Mary Donohue, the Lieutenant Governor of New York, is delivering a speech and looking a bit too clean for the grittiness of downtown Brooklyn, what with her white pantsuit and ethereal light blond hair. Her voice, soft in ordinary circumstances, begins to trail off. “Can everyone hear me in the back? Can everyone hear me?” she asks. There are loud cries of “No!”
Almost no one in New York can hear Ms. Donohue. The number of people who can actually tell you the name of the Lieutenant Governor probably totals in the four figures; fewer still can tell you anything about her. There was serious talk in Governor George Pataki’s camp about replacing her on the ticket this year. But Ms. Donohue stared them down.
It’s an awkward thing, being No. 2. You need to be known but unknown, seen but not heard-but no one will admit this exactly. “She certainly brightens up a stage,” President George W. Bush said at a fund-raiser last February, fumbling for words, before quickly adding:” She’s smarter than all of us, too.” Indeed. There’s hardly a major Republican rally or fund-raiser that Ms. Donohue has skipped. Often, she is the only female politician on the stage. And she believes that work will one day pay off in a gubernatorial campaign of her own.
“Every administration has its uniqueness, and I’m sure mine would, too,” she says when asked how a Donohue administration would differ from the Pataki administration. But she quickly adds, “I’m comfortable with the team I’m on.”
Once, Mary Donohue’s near-total obscurity was by design. She was picked to replace Betsy McCaughey Ross, the mercurial former Lieutenant Governor who was neither silent nor loyal. Ms. McCaughey Ross switched parties and ran against her former boss in 1998. Mary Donohue is everything Ms. McCaughey was not-faithful, steady and, most of all, retiring. But despite her loyalty, Ms. Donohue’s future seemed uncertain as recently as a few months ago. With the Governor’s work on health care, Republicans are less concerned about the women’s vote than they were four years ago. And so there were discussions, several sources familiar with the Pataki campaign confirm, about finding a different Lieutenant Governor this year. Ms. Donohue’s chief of staff, Eileen Long, left to become deputy secretary to the Governor, a position analogous to deputy chief of staff. When the power people leave you, other power people notice.
Attorney General Eliot Spitzer was convinced that the Republicans were preparing to run Ms. Donohue against him this fall. There were whispers about a high-level judicial appointment. Filling her place as Lieutenant Governor, the talk went, would be Randy Daniels, Mr. Pataki’s Secretary of State, or Joel Giambra, the county executive for upstate Erie County. Both happen to be erstwhile Democrats, at a time when Pataki advisers are trying to make inroads on the Democrats’ base.
Adding to the intrigue is talk that Mr. Pataki might be Vice Presidential material in 2004 if Dick Cheney decides not to run. That would mean a Pataki resignation, and Ms. Donohue-this unknown, unheralded figure-would become Governor. Mr. Pataki pointedly won’t pledge to serve out a third term, fueling talk that he’s looking for a spot with Team Bush. This flies in the face of conventional wisdom-conservative Republicans aren’t exactly overjoyed by Mr. Pataki these days. Still, even idle chatter about Mr. Pataki’s future requires that people think about the possibility of a Donohue administration.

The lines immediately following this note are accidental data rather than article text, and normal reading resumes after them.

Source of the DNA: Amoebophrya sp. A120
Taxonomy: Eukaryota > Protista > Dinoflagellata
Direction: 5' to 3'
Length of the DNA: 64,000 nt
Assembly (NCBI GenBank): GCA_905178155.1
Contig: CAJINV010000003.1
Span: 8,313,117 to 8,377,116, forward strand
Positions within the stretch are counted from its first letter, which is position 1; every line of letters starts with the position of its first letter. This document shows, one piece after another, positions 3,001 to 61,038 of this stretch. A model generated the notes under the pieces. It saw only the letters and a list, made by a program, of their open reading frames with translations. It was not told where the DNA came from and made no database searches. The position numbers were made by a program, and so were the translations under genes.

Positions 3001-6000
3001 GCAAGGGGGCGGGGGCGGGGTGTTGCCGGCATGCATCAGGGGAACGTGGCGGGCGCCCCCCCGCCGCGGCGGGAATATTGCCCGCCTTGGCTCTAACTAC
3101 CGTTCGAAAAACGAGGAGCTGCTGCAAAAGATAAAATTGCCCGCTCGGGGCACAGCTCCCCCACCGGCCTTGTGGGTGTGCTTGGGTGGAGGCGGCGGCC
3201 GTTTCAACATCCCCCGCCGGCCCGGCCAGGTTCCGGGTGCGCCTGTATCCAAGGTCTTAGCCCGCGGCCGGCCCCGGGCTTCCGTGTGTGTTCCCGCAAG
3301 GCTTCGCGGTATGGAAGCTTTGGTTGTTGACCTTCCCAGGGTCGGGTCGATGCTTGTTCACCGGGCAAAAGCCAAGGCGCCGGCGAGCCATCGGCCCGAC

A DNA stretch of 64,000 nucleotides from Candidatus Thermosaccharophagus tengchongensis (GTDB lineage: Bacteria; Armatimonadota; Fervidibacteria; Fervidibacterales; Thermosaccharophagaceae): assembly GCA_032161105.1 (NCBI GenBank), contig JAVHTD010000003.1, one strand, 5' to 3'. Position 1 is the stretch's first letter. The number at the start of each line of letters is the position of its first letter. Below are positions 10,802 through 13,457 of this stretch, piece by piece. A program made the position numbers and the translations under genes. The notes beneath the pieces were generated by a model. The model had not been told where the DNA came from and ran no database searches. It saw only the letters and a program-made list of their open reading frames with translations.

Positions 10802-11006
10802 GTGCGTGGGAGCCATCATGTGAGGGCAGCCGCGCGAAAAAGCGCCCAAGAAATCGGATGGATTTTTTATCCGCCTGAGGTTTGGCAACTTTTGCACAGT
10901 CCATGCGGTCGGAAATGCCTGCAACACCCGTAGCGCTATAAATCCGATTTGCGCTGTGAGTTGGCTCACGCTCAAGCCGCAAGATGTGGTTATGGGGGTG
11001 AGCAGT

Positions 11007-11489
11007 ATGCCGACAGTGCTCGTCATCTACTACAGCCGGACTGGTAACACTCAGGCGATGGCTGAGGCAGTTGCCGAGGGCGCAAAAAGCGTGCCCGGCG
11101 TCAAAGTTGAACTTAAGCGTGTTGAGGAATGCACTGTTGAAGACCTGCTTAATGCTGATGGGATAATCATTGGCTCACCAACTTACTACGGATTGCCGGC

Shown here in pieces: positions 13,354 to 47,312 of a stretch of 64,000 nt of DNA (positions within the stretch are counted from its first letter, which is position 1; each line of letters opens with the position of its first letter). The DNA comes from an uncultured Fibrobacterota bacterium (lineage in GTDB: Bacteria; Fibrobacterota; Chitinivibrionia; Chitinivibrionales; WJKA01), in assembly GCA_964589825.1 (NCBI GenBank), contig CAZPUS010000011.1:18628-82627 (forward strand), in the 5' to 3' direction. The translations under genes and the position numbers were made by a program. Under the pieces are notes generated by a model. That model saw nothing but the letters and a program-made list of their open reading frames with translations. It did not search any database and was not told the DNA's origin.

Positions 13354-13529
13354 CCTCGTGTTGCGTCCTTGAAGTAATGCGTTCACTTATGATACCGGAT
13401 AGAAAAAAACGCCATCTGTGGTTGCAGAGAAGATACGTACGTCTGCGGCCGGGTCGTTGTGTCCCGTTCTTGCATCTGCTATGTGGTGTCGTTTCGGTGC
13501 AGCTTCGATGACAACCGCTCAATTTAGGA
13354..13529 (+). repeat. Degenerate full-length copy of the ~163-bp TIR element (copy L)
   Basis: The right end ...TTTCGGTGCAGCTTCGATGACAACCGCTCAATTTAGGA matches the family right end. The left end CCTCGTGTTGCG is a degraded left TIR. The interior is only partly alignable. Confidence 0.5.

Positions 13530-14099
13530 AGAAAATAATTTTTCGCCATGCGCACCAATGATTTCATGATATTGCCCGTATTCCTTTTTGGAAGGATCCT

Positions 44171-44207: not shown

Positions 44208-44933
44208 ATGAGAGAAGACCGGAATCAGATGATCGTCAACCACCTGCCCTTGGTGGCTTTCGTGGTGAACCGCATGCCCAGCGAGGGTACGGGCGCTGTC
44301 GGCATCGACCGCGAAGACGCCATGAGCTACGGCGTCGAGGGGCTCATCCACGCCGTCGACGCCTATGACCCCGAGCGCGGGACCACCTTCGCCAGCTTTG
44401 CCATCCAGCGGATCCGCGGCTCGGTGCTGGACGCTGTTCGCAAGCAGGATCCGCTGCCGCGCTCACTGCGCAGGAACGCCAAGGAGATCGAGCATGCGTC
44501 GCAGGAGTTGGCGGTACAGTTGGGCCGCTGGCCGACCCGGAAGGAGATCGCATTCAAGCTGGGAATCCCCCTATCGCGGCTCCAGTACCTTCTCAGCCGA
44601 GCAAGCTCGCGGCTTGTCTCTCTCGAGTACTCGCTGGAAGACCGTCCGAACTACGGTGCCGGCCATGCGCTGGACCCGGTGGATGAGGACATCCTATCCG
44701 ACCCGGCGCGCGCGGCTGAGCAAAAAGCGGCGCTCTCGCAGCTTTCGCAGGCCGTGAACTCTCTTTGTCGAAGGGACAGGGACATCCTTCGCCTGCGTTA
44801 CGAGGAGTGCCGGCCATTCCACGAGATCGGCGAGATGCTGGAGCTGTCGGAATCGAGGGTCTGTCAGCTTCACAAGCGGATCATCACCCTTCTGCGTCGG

When word first leaked of the efforts to jettison Ms. Donohue, she did something she almost never does: She spoke at length to a reporter-the New York Post ‘s Frederic Dicker. “The Governor should have the best running mate with him, and I believe that’s me,” she told him. “I believe the Governor and I are an excellent working team …. And he’s given me every indication to believe that he agrees with that.” The Pataki people backed down.
Ms. Donohue becomes icy when the talk turns to the possibility of a judicial nomination, which would allow Mr. Pataki to replace her. “What’s in store for me is the job I have now,” she told The Observer . Apparently, Mr. Pataki’s advisers now agree. “I can’t think of a stronger running mate for Governor Pataki,” said Kieran Mahoney, the Governor’s strategist.
And she certainly has impressed members of the opposition party. “She looks sweet and nice,” Brooklyn Borough President Marty Markowitz, a Democrat, said of Ms. Donohue as they shared a podium during a press conference in the borough’s East New York section. (Lieutenant Governors get to travel to drab community centers in the far reaches of Brooklyn on hot summer afternoons to hold press conferences that attract virtually no reporters.)
“But there is another part of her that I know,” added Mr. Markowitz, who was a State Senator until last year. “I knew her to take a [legislative] house that was unwieldy and bend it to her dictates, that’s for sure. She has a will of steel.”
Perhaps. But-Governor Donohue? “It’s pretty sexist to think she couldn’t be,” said Republican consultant Joseph Mercurio. “There’s no reason to think someone with her experience couldn’t be.”
Back in the auditorium in downtown Brooklyn, Ms. Donohue slipped away, rushing off to another “event.” The next day, her audience-a group of pre-schoolers, in all their shiny, royal-blue polyester cap-and-gown glory-appeared on the front page of The New York Times . Ms. Donohue’s presence was unrecorded.
Terry Golway will return to this space shortly.